National Unity in Indonesia: The Indonesian Constitutional Court’s Role in Balancing the Conflicting Legal Demands of a Pluralistic Society

David Price, Maria Salvatrice Randazzo

Research output: Contribution to journalArticlepeer-review

Abstract

With the dawn of the Reformasi era, the Indonesian nation cast off 35 years
of authoritarian rule to become one of the world’s largest democracies. The
processes of democratization and decentralization changed, and continues to
change, the constitutional landscape of the Indonesian State. With the emergence
of a much more complex constitutional landscape, the relations between center
and periphery need to be (re)balanced for a rational and equitable development
and sustainable management of Indonesian cultural, natural, and social heritage.
This paper analyzes the foundational role of the Indonesian Constitutional
Court in moderating and balancing the distribution and exercise of powers
between the central and the regional and between the regions themselves, within
a political, legal and religious pluralistic context in order to utilize the cultural,
natural, and social resources of the Indonesian archipelago in the interest of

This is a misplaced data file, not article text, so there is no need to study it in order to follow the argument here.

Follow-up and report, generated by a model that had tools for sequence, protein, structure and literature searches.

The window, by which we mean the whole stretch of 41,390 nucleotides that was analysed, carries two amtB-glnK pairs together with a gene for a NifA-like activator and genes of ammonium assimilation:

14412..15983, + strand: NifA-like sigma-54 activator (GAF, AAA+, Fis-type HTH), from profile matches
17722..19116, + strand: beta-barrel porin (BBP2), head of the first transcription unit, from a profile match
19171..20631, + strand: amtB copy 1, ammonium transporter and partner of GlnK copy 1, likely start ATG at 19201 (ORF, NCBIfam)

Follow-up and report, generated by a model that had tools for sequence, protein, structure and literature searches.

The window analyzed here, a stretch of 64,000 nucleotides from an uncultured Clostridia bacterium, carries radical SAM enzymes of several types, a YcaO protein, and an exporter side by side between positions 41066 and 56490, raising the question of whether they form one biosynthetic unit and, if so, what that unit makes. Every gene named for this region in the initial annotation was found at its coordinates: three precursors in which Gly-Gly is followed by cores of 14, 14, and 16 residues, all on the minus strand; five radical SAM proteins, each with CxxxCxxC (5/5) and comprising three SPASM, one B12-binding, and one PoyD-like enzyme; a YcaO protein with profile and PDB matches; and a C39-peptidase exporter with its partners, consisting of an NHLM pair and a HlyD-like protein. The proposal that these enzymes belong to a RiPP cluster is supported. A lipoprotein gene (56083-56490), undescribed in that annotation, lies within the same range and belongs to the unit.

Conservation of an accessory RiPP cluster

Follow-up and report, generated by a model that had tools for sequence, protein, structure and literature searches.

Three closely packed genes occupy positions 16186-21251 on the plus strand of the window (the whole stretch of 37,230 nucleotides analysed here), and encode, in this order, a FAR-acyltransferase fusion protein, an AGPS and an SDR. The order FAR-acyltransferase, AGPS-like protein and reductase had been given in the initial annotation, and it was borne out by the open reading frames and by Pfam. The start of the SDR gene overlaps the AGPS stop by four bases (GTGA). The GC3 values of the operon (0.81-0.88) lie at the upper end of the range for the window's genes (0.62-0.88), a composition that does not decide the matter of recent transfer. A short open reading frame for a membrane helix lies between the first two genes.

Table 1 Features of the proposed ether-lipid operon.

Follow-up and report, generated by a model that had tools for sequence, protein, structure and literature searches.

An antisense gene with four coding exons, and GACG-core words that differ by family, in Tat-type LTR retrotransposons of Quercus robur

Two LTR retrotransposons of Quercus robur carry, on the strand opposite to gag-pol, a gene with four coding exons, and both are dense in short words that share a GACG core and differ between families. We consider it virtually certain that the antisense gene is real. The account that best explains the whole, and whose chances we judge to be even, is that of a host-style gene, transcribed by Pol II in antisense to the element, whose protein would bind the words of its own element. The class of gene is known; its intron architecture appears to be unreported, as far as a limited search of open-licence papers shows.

national unity.

The paper examines the contribution of the Court as the peak judicial
authority in endeavoring to create harmonious relations within the complex
constitutional framework via a corpus of jurisprudence aimed at the progressive
realization of Bhinneka Tunggal Ika (‘unity in diversity’) in the pluralistic
Indonesian Nation. It does so by analyzing selected crucial decisions of the Court
in three areas key to the Court’s role in balancing the conflicting legal demands
of a pluralistic society, namely, regional autonomy, religious pluralism, and social
justice and economic democracy.
Original languageEnglish
Pages (from-to)112-146
Number of pages35
JournalNusantara
Volume2
Issue number2
DOIs
Publication statusPublished - Dec 2020

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